The largest contiguous population of elephants in Africa lives in the Kavango-Zambezi Trans Frontier Conservation Area (KAZA TFCA) which encompasses parts of Botswana Zimbabwe, Zambia, Angola and Namibia. Within KAZA, nearly 90% of the elephant population is concentrated in Botswana (58%) and Zimbabwe (29%). In June of 2020, over 300 elephants were found dead in Botswana under mysterious circumstances. Less than two months later—in a span of only 27 days—34 more elephant deaths were reported in neighboring Zimbabwe. The news of these mass mortality events was both notable and concerning given the importance of the KAZA elephant metapopulation to species conservation.
Sally Seraphin’s life in the research lab started with rats and roseate terns. Chimpanzees and rhesus macaques came next, then humans (and a brief foray into voles). When she pivoted to red-eyed tree frogs, Sally once again had to learn all kinds of new techniques. Suddenly, in addition to new sample prep and analysis techniques, she needed to get up to speed on amphibian care and husbandry. That led her to the Marine Biological Laboratory (MBL) in Woods Hole, MA.
“It’s a seaside resort atmosphere with experts in every technology you can imagine,” Sally says. “It’s a place to incubate and birth new approaches to answering questions.”
Sally spent the past two summers at MBL learning everything she needed to know about breeding and caring for amphibians. During that time, she also worked closely with Applications Scientists from Promega who helped her start extracting RNA from frog samples.
“The hands-on support from industry scientists is definitely unique to Promega and MBL,” she says. “It’s rare to have a specialist on hand who can help you learn, troubleshoot and optimize in such a finite amount of time.”
Adopting a New Model Organism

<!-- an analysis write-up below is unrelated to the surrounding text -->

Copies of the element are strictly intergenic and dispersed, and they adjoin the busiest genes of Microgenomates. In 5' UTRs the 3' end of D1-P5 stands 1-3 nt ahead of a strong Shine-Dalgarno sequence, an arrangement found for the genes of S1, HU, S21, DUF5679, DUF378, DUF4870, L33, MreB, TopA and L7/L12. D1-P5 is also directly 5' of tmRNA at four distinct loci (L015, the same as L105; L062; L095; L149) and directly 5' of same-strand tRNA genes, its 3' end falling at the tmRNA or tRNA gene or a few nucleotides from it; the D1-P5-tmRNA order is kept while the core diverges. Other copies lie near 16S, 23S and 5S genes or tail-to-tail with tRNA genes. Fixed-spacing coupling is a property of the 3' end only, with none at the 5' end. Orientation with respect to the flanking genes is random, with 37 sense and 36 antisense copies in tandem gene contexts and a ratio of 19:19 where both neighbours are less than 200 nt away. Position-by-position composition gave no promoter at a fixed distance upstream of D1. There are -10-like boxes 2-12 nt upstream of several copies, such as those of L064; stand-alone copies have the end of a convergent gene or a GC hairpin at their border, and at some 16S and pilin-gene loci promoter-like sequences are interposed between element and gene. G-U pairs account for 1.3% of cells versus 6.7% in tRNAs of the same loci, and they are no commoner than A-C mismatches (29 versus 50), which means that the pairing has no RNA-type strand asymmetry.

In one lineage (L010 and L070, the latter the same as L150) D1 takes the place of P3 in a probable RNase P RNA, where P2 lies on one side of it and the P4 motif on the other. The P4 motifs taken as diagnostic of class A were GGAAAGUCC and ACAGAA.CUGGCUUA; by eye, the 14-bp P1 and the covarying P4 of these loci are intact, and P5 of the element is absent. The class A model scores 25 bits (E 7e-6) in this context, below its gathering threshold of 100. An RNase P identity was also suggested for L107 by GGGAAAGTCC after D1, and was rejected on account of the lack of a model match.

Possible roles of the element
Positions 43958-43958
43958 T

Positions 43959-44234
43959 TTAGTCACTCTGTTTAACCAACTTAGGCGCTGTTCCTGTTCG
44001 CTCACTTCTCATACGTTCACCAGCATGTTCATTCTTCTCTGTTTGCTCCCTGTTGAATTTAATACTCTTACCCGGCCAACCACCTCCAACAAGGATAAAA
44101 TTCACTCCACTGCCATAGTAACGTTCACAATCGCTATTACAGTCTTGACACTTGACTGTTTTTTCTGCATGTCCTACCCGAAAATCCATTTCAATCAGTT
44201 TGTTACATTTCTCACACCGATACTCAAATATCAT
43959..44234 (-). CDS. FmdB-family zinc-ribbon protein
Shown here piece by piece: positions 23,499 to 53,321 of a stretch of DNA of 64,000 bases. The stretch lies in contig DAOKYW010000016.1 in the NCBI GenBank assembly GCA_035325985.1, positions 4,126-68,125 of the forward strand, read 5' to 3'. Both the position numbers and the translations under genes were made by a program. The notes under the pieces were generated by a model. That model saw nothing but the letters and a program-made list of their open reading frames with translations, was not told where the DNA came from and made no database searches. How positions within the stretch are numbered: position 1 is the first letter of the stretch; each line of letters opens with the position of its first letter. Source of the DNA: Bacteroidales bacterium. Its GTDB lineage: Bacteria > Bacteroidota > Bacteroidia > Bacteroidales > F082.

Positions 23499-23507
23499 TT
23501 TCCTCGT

Sally studies how early stress impacts brain and behavior development. She hopes to deepen our understanding of how adverse childhood experiences connect to mental illness and bodily disease later in life. In the past, she studied how factors such as parental absence affected the neurotransmission of dopamine in primates. Recently, she changed her focus to developmental timing.
“Girls who are exposed to early trauma like sexual or physical abuse will sometimes reach puberty earlier than girls who aren’t,” Sally explains. “And I noticed that there are many species that will alter their developmental timing in response to predators or social and ecological threats.”
Today’s blog written by guest author Kendra Hanslik.
In the intricate dance of cellular processes that sustain life, pyruvate emerges as a central figure. It plays a crucial role in the energy production saga. This small molecule is the linchpin between glycolysis and the citric acid cycle, linking the breakdown of glucose to the production of adenosine triphosphate (ATP). In this article, we explore pyruvate’s origins, multifaceted roles, and its association with various diseases.
In the evolving field of forensic science, a study by Fantinato et al. has opened new avenues in using DNA extraction and analysis to recover important information from crime scenes. Their work, “The Invisible Witness: Air and Dust as DNA Evidence of Human Occupancy in Indoor Premises,” focuses on extracting DNA from air and dust. This novel approach could revolutionize how crime scenes are investigated, especially in scenarios where traditional evidence—like fingerprints or bodily fluids—is scarce, degraded or has been removed from surfaces.
When we think about the immune system, B cells and T cells are often the focus of attention. B cells are known for producing antibodies, and T cells are celebrated for their cytotoxic capabilities. More recently, however, macrophages are being brought into the spotlight and recognized for their integral role in immune defense and the field of biologic drug development.
Sickle cell disease is a debilitating blood disorder that causes recurrent pain crises and severe health effects, and can drastically impact quality of life. Recently, Vertex Pharmaceuticals and CRISPR Therapeutics introduced Casgevy, or exa-cel, a novel form of gene therapy that could radically change the management of sickle cell disease. On the heels of exa-cel’s approval in Britain, this groundbreaking therapy was also recently approved in the U.S.